(Xinhua) -- Kenyan ministry of education is
finalizing modalities of embedding Chinese language courses in
school curriculum, a senior official said on Thursday.
David Njeng’ere, the acting Deputy
Director in charge of basic education at Kenya Institute of
Curriculum Development (KICD) said preparations are in top gear
to introduce mandarin in primary schools across the country.
“We have already incorporated Chinese
language to be an optional subject in class four and the
first priority will be students who have demonstrated
aptitude,” Njeng’ere told Xinhua in Nairobi.
The East Africa nation announced plans
to introduce Chinese language in the school curriculum in April
2015 against a backdrop of thriving education and cultural ties
with the Asian giant.
Njeng’ere noted that efforts to
popularize Chinese language among Kenya’s children and youth
have intensified for the last two years.
“Needs assessment conducted in several
schools countrywide revealed a huge enthusiasm for mandarin
among learners, teachers and even parents,” said Njeng’ere.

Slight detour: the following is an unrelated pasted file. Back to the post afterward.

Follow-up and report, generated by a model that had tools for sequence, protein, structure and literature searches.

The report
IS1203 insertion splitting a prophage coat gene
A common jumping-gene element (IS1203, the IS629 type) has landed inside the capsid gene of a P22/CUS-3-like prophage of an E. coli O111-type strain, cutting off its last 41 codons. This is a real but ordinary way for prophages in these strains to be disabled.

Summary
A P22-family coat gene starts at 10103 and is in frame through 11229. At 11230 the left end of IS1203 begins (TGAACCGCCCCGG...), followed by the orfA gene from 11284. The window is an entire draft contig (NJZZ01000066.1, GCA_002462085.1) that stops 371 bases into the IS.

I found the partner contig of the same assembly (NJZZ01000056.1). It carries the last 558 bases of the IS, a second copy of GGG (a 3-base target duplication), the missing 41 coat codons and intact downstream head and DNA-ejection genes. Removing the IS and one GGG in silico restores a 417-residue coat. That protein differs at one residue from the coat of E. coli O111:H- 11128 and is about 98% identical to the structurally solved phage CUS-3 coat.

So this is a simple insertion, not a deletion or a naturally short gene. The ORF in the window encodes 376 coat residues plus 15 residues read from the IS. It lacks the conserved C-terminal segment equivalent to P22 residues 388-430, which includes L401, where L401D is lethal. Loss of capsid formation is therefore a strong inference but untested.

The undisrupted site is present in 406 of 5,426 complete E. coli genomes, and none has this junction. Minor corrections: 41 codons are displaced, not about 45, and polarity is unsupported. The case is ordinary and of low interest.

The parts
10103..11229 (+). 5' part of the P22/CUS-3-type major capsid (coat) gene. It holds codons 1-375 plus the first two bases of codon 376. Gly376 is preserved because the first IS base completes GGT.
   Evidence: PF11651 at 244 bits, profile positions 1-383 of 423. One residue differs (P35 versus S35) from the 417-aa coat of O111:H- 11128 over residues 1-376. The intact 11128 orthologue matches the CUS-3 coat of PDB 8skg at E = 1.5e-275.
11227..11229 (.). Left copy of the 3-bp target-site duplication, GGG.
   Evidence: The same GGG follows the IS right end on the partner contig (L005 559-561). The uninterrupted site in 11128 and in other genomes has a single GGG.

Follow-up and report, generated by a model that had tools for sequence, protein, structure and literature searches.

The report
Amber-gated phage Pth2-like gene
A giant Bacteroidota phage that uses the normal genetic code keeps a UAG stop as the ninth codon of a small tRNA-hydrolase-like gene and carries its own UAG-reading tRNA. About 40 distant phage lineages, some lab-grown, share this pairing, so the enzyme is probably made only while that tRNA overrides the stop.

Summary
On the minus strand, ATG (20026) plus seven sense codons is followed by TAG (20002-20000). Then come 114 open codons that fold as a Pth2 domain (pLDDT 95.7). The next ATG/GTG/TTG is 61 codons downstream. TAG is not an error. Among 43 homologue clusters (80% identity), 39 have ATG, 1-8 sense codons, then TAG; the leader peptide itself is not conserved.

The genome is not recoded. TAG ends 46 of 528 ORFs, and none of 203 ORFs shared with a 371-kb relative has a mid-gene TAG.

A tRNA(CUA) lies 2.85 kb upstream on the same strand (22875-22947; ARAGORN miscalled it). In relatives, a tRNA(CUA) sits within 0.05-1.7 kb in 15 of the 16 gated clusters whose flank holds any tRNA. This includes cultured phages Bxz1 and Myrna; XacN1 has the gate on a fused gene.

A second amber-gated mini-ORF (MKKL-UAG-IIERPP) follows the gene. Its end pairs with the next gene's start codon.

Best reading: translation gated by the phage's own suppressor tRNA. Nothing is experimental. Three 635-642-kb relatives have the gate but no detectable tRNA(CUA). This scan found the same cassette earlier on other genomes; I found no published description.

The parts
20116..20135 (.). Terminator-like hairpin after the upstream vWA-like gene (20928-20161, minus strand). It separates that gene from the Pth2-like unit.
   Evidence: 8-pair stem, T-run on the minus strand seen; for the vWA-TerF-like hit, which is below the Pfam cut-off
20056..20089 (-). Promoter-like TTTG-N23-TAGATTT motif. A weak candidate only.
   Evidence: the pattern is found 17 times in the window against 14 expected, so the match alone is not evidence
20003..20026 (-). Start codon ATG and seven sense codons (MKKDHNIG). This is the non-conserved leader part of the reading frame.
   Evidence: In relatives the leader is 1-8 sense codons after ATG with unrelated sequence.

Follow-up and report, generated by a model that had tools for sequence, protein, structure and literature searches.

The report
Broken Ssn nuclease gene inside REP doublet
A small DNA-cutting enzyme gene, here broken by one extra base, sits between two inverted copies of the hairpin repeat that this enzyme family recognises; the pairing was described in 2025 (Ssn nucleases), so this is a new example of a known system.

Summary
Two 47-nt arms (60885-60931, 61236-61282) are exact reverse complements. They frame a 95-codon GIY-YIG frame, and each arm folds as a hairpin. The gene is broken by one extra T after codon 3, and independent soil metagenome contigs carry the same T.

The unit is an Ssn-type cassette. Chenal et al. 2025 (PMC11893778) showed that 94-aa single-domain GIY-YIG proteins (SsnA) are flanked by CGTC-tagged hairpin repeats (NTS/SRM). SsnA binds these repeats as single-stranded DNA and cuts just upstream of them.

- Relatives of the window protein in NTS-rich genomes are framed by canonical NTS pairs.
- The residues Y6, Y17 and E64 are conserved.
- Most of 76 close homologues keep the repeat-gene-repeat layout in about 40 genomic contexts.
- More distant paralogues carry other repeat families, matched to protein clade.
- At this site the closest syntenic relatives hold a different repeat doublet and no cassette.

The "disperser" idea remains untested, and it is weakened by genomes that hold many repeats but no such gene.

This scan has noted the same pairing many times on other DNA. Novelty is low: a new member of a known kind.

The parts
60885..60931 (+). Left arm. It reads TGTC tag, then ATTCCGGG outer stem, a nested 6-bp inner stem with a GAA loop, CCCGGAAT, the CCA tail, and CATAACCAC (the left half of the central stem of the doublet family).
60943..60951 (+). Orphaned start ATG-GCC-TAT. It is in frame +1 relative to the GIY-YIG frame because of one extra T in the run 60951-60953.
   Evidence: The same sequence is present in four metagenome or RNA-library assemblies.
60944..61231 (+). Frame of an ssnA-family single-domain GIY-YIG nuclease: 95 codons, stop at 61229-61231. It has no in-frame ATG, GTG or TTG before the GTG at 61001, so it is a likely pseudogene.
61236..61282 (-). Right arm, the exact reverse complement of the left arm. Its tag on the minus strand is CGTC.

He added that China’s large footprint
in Kenya’s infrastructure development has elicited a desire by
the country’s youth to study mandarin.
“There is a growing appreciation by
the country’s youth on China’s positive impact to our
economy. They are keen to study the Chinese language both
for interactions and business,” Njenge’re said.
Kenya’s curriculum development agency
has partnered with the University of Nairobi’s Confucius
institute to facilitate introduction of Chinese language in
Njeng’ere said the Confucius Institute
is providing technical support and learning materials as
introduction of mandarin in public schools gathers steam.
“We are in the early stage of
entrenching Chinese language courses in our schools and are
relying on the Confucius institute to provide teachers and
learning materials,” said Njeng’ere.
He revealed that Chinese language
courses will be rolled out in select schools to gauge its
“As you know this is an expensive
undertaking that requires adequate funds and human capital.
We will start with few schools before rolling out Chinese
language training countrywide,” Njeng’ere said.
He added that Kenya will use
internationally approved benchmarks to gauge mandarin
proficiency among primary school children.
“The students will be required to do a
Chinese language proficiency assessment test similar to that
of other foreign languages. It will help us gauge their
passion and understanding of a language that is relatively
new in Kenya,” said Njeng’ere.
He disclosed that training of teachers
who will implement the mandarin training program in primary
schools has been ongoing.